The Power and Pitfalls of Omics: George Davey Smith’s storming talk at ME/CFS conference
Read about the talk that stole the show at a recent ME/CFS conference in Simon McGrath's two-part blog.
Discuss the article on the Forums.

Training Medical Specialists in Communication about MUPS: Patient Outcomes from a RCT

Discussion in 'Other Health News and Research' started by Dolphin, Apr 30, 2016.

  1. Dolphin

    Dolphin Senior Member

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    These sorts of interventions tend to annoy me as they usually involve things like graded activity.
    So I'm happy enough it didn't work out for them.


    http://www.ijpcm.org/index.php/IJPCM/article/view/490

     
    Last edited by a moderator: May 1, 2016
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  2. Bob

    Bob

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    I wonder if that issue would have been so prominent in the conclusion if the results had been positive?

    Sensible patients!
     
  3. Luther Blissett

    Luther Blissett Senior Member

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    They lost 85% of patients who were willing to answer a questionnaire during 6 months?

    Is this kind of drop within what we would expect to see? It seems steep to me, considering the patients agreed to be part of the research.
     
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  4. meandthecat

    meandthecat Senior Member

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    I wonder how the ME centres fare with their attempts to 'explain' the symptoms of sufferers? In my own experience the group that I was in shed 77% of participants by the 3rd week and I threw the follow-up questionnaires in the bin.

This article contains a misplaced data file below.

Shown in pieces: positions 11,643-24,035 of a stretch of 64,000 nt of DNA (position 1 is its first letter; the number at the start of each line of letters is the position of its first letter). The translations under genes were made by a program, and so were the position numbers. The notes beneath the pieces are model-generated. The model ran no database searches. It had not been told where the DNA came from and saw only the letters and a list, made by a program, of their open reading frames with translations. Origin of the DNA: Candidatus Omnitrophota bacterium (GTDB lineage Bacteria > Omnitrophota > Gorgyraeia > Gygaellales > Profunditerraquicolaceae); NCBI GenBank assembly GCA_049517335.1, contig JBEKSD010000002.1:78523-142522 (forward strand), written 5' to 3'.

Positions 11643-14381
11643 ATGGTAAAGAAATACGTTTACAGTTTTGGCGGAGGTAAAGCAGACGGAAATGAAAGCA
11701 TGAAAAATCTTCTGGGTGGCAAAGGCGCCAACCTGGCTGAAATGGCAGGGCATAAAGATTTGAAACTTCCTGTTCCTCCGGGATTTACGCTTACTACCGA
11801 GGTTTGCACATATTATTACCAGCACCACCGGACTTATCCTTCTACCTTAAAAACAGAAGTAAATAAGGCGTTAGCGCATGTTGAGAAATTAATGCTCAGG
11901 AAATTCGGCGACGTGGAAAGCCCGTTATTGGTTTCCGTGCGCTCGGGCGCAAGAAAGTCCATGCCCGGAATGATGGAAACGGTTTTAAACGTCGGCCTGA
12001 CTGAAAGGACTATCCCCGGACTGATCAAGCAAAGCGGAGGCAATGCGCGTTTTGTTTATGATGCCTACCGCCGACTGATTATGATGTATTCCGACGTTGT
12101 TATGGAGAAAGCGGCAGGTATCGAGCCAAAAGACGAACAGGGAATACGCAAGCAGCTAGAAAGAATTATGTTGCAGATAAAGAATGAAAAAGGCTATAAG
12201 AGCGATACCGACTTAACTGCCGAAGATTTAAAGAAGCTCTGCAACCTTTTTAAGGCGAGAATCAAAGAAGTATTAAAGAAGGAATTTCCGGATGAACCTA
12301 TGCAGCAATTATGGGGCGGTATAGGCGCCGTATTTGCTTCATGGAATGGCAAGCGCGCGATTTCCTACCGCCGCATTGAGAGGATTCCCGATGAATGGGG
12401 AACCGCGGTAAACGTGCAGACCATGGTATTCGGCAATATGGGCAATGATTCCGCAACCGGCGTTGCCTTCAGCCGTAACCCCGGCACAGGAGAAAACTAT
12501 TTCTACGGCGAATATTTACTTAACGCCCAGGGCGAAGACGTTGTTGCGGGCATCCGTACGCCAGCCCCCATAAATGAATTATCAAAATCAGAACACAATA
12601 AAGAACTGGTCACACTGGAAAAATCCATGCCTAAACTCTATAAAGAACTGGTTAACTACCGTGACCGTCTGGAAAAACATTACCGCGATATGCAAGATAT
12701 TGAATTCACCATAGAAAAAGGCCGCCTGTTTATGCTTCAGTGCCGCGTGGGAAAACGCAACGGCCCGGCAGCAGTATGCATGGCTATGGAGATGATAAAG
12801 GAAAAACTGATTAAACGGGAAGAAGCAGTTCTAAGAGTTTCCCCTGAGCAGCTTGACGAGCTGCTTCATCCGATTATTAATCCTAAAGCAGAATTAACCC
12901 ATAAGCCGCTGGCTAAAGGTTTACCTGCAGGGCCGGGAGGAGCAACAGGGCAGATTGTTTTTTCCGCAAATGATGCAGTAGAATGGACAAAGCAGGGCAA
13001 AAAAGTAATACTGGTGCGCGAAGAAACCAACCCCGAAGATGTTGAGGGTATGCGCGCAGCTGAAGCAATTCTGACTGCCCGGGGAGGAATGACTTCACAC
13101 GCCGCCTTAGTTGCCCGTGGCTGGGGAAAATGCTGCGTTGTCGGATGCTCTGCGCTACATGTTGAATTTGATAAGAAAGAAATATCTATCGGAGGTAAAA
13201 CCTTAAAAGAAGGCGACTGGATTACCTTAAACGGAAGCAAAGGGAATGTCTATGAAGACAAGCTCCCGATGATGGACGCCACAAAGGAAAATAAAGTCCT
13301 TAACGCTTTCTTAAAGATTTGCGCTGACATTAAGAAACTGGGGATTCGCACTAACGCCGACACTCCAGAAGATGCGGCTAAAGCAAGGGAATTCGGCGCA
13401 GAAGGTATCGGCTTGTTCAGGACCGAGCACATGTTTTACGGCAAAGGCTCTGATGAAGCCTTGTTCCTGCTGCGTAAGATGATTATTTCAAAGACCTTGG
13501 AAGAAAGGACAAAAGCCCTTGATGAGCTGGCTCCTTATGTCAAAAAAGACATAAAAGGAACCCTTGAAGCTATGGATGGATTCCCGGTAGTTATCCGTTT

Perhaps a more honest research topic would be..... How sick and desperate do you have to be to swallow B.S ?
     
  5. Esther12

    Esther12 Senior Member

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    Looks like this was done as part of a phd, available here:

    repub.eur.nl/pub/78687/150930_Weiland-Anne.pdf

    This paper from the same person uses the fact that training led to clinicians acting how the trainers wanted to claim:

    http://www.ncbi.nlm.nih.gov/pmc/articles/PMC4575077/

    Never mind the fact that there was no evidence this actually benefited anyone.

    The thesis talk about blinded assessment of doctor's letter to patients being helpful to avoid problems with bias, but no mention of problems with bias in the patient's self-assessment of symtoms.

    This is the thesis conclusion:

    Great work.
     
  6. medfeb

    medfeb Senior Member

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    These kinds of studies drive me crazy because they are based on an unproven and unprovable hypothesis that all people with medically unexplained symptoms will respond to treatment in the same way. Its ridiculous to think that treatment response can be predicted based on the state of our current medical knowledge
     
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